Agriculture
Silk’s superpowers
Treating peanut allergy bit by bit
Flush-Free Fertilizer
Amphibians
Bullfrogs
Salamanders and Newts
Frogs and Toads
Animals
Assembling the Tree of Life
Gliders in the Family
Bee Disease
Behavior
Taking a Spill for Science
Pollution at the ends of the Earth
Homework blues
Birds
Mockingbirds
Swans
Finches
Chemistry and Materials
A Framework for Growing Bone
Unscrambling a Gem of a Mystery
Screaming for Ice Cream
Computers
Toxic Dirt + Avian Flu = Science Fair Success
Nonstop Robot
Galaxies far, far, far away
Dinosaurs and Fossils
Dinosaur Eggs-citement
Downsized Dinosaurs
Dino Babies
E Learning Jamaica
E Learning in Jamaica WIN PRIZES and try our Fun Animated Games
2014 GSAT Results for Jamaican Kids
Results of GSAT are in schools this week
Earth
Petrified Lightning
In Antarctica watch the heat (and your step)
Wave of Destruction
Environment
Food Web Woes
Pumping Up Poison Ivy
Improving the Camel
Finding the Past
Early Maya Writing
Your inner Neandertal
Unearthing Ancient Astronomy
Fish
A Grim Future for Some Killer Whales
Cleaning Up Fish Farms
Electric Catfish
Food and Nutrition
Moving Good Fats from Fish to Mice
In Search of the Perfect French Fry
Making good, brown fat
GSAT English Rules
Whoever vs. Whomever
Problems with Prepositions
Order of Adjectives
GSAT Exam Preparation Jamaica
Preparing for the GSAT Exam
How are students placed after passing the GSAT exam
Tarrant High overcoming the odds
GSAT Exams Jamaica Scholarships
GSAT Scholarship
GSAT stars reap scholarship glory
Results of GSAT are in schools this week
GSAT Mathematics
Math of the World
Monkeys Count
Prime Time for Cicadas
Human Body
Spit Power
Taking the sting out of scorpion venom
Cell Phone Tattlers
Invertebrates
Black Widow spiders
Termites
Giant Clam
Mammals
Grizzly Bear
Primates
African Camels
Parents
What Not to Say to Emerging Readers
Expert report highlights the importance to parents of reading to children!
Raise a Lifelong Reader by Reading Aloud
Physics
Speedy stars
Road Bumps
One ring around them all
Plants
City Trees Beat Country Trees
Getting the dirt on carbon
Fungus Hunt
Reptiles
Tortoises
Copperhead Snakes
Box Turtles
Space and Astronomy
Planets on the Edge
Planning for Mars
Big Galaxy Swallows Little Galaxy
Technology and Engineering
Squeezing Oil from Old Wells
Young Scientists Take Flight
Smart Windows
The Parts of Speech
Pronouns
What is a Preposition?
Adjectives and Adverbs
Transportation
Seen on the Science Fair Scene
Middle school science adventures
Robots on a Rocky Road
Weather
Antarctica warms, which threatens penguins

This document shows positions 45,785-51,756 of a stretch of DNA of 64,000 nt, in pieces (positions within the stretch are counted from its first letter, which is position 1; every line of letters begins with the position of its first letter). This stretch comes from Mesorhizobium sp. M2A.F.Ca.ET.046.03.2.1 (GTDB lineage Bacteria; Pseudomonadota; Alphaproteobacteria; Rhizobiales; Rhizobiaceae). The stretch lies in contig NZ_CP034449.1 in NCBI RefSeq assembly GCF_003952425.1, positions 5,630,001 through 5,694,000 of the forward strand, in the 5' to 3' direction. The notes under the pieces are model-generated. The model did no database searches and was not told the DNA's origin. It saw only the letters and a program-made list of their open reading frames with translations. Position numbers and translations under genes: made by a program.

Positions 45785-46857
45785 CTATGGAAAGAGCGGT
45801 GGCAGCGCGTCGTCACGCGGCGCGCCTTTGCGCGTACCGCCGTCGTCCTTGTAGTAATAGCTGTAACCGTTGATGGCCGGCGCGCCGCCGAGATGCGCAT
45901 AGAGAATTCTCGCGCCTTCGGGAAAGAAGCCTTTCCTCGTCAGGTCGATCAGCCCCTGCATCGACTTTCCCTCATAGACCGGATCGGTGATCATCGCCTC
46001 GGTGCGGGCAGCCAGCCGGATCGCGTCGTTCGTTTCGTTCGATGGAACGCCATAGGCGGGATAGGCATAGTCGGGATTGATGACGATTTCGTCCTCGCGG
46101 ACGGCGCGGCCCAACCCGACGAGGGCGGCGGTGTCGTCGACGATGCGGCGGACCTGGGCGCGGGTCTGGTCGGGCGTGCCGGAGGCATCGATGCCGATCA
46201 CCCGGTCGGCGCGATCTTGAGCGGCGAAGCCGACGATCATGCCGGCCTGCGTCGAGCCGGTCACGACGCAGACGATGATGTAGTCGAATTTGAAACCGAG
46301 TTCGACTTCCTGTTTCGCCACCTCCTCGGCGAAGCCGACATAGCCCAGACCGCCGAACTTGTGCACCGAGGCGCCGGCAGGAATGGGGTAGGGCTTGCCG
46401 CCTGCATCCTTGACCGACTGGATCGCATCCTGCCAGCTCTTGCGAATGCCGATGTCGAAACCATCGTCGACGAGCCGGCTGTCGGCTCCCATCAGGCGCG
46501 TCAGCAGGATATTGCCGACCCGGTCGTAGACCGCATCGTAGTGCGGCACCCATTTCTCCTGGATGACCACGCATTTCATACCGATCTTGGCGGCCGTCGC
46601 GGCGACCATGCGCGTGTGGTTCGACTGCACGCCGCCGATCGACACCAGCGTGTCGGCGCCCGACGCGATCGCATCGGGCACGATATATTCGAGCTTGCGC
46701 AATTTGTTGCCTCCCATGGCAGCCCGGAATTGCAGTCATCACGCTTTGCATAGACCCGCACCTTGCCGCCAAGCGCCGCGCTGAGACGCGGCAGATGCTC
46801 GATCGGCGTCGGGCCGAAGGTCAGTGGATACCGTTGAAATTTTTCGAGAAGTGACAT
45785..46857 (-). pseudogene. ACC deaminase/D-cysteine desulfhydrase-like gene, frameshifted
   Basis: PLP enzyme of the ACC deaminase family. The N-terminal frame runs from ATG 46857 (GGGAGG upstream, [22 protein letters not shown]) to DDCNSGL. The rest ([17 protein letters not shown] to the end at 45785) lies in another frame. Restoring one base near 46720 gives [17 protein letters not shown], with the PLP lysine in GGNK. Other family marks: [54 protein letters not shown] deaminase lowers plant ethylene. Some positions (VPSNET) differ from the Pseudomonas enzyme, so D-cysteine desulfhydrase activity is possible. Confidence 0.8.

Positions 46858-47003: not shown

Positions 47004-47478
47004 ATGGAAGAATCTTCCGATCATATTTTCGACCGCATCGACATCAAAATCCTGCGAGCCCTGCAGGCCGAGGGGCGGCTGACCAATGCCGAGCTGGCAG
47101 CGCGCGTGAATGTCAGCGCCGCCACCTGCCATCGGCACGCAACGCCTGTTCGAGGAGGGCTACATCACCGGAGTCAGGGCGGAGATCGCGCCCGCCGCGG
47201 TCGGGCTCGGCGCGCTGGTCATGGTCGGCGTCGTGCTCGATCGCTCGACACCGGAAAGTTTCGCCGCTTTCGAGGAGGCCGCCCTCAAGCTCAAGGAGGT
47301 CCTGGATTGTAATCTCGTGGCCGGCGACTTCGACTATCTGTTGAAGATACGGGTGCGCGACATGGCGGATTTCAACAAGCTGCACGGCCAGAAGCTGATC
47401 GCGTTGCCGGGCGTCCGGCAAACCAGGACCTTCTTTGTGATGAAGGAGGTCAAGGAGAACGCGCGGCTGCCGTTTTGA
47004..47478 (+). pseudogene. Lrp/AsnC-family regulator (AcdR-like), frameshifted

Where rivers run uphill
Either Martians or Mars has gas
Add your Article

Fishing for Fun Takes Toll

Fishing is a popular pastime—maybe too popular when people go after certain saltwater fish. Chartering a boat or taking your own vessel out to sea to go fishing for fun is a large industry. Yet, for a long time, people thought that all the fish caught in this way represent just a tiny fraction of the number of fish caught by commercial fishing boats and sold in markets or brought to factories. The impact of sportfishing is much bigger than previously suspected, say researchers from Florida State University in Tallahassee. When the researchers took a close look at U.S. fisheries data, collected over more than 22 years, they found that recreational fishing accounts for 4 percent of fish caught. Two types of fish, menhaden and pollack, make up the bulk of the commercial catch, however. When these two types of fish are left out of the analysis, the fraction of all other fish caught and killed in recreational fishing jumps to 10 percent. Finally, the researchers looked just at species that have been classified as "overfished." That's where the numbers are more troubling. Recreational anglers account for 59 percent of red snapper landings in the Gulf of Mexico, for example, and 93 percent of red drum landings in the southern U.S. Atlantic. In some places and for some types of fish, it might be time for stricter regulations, the researchers say. There are already limits on the number of fish that someone can catch in many locations. But regulators rarely limit the number of people allowed to go fishing. People aren't going to stop fishing. If they just threw back what they caught, though, the fish now at risk might be better off.—E. Sohn

Fishing for Fun Takes Toll
Fishing for Fun Takes Toll








Designed and Powered by HBJamaica.com™